You didn't play a Ball B on the tee shot because it was a good one. You hit the iron again, though, and got onto the green. Ball B is now in play and lying 2 on the green. Your approach putt with this ball went eight feet past the hole, so you hit it again and left it two feet short. Lying three, you hit the two-footer into the hole. Score = 4.

What if you go, fairway, green, putt, putt with Ball A? Well, good for you! Put down a four for Ball A and Ball B, even though you never played a Ball B on that hole.

One little rule: Whenever you hit a shot over again, you have to play that shot. No deciding the first one was really better and sticking with it.

The greater the difference between the Ball A and Ball B score, the greater your scoring potential. Nine holes of this is enough.

So how do you bring your Ball A score down to your Ball B score? Read my book, The Golfing Self and find out. It's not in your shot-making, it's in how you use your mind.

Monday, January 12, 2015

Transform Your Short Game

We don’t hit a lot of greens. If we want to try for our par, or preserve our bogey, we need a reliable short game. This is what I mean by “reliable”, in terms of recreational golf: you make good contact every time, control the ball every time, and get the ball on the green every time so you can start putting.

Every recreational golfer can attain that standard. If you do, you will prevent yourself from ringing up extra strokes needlessly.

There are two ways of shooting lower scores. One of them is to get good. The other is to stop being bad. Those two are different. This article is about the second one.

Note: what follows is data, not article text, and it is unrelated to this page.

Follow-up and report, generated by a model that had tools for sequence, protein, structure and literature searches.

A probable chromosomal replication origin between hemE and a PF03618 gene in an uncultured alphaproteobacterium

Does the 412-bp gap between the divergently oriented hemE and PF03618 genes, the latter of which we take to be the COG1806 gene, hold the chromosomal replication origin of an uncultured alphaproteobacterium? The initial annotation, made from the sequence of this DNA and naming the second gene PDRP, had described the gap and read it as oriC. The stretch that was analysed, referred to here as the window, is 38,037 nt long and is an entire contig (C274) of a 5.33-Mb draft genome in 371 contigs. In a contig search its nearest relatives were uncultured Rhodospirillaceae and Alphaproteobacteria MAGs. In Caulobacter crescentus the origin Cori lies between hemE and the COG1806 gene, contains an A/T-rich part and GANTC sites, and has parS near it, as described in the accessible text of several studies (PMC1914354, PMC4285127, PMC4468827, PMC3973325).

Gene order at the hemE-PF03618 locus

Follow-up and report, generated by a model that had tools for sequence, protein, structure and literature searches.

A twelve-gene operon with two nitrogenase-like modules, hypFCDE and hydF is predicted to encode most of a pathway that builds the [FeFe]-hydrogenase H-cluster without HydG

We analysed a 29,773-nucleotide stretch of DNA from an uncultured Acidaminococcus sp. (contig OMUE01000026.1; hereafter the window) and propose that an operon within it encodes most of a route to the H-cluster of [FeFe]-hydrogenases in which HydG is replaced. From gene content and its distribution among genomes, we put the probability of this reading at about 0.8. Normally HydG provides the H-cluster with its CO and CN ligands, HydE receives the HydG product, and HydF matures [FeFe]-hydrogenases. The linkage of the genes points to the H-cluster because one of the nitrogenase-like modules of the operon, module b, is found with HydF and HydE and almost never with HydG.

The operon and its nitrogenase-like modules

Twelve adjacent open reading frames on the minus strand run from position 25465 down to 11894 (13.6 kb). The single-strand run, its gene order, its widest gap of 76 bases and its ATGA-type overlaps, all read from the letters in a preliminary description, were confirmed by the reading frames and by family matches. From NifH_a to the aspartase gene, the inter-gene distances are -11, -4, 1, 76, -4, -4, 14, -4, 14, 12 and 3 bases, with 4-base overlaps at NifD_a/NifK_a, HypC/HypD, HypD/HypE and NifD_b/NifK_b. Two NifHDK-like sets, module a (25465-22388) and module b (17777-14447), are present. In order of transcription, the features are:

I want you to try something and see what happens. Spend some time on the practice tee learning it, then go out the the course and try it out.

Remember that article I posted a few weeks ago on hitting the ball in a flat trajectory and letting the club get the ball in the air?

That’s what I want you to do with every short shot you hit. EVERY short shot.

Whether it’s an 80-yard pitch or a 20-foot chip, hit the ball with a flat trajectory. Let the club get the ball in the air.

I’m not saying to skull it so the ball gets six inches off the ground and runs three miles.

I’m saying to keep the club low to the ground and level with it as you hit through the ball, allowing the clubface to do ALL the work of getting the ball in the air.

What you get from this solves two short game problems. First, you get much cleaner contact. No chunking. A clean, on-the-clubface strike.

Second, you get spin. You’ll have to learn how to work with this, but once you get spin, you can make the ball do anything.

Those two things add up to reliable short game shots. From there, you can start refining your shot-making to zero in on the pin, which is the getting good part.

Bonus: if you get this down in your short game, it will feed over into your long game and you’ll hit better long shots and more greens.

So try it!

Monday, January 5, 2015

Ernie Els, You're Not

Every golf instructor in the world wants you to swing like Ernie Els. They show you videos of him so you can see what you are aiming for. Watch out, though. His swing is not what it seems.

The main thing you get from watching Els’s swing is his marvelous rhythm. Go ahead and copy that. His swing speed is another matter entirely.

You know, it looks like he has a languid, flowing swing that any of us can imitate. But we also wonder why he hits the ball so far with such a slow swing. News flash: his swing is FAST. It only looks slow because of its efficiency.

Here’s a video from that puts a clock on his swing. From takeaway to impact, it’s only 1.033 seconds. Let’s call it one second. That’s fast.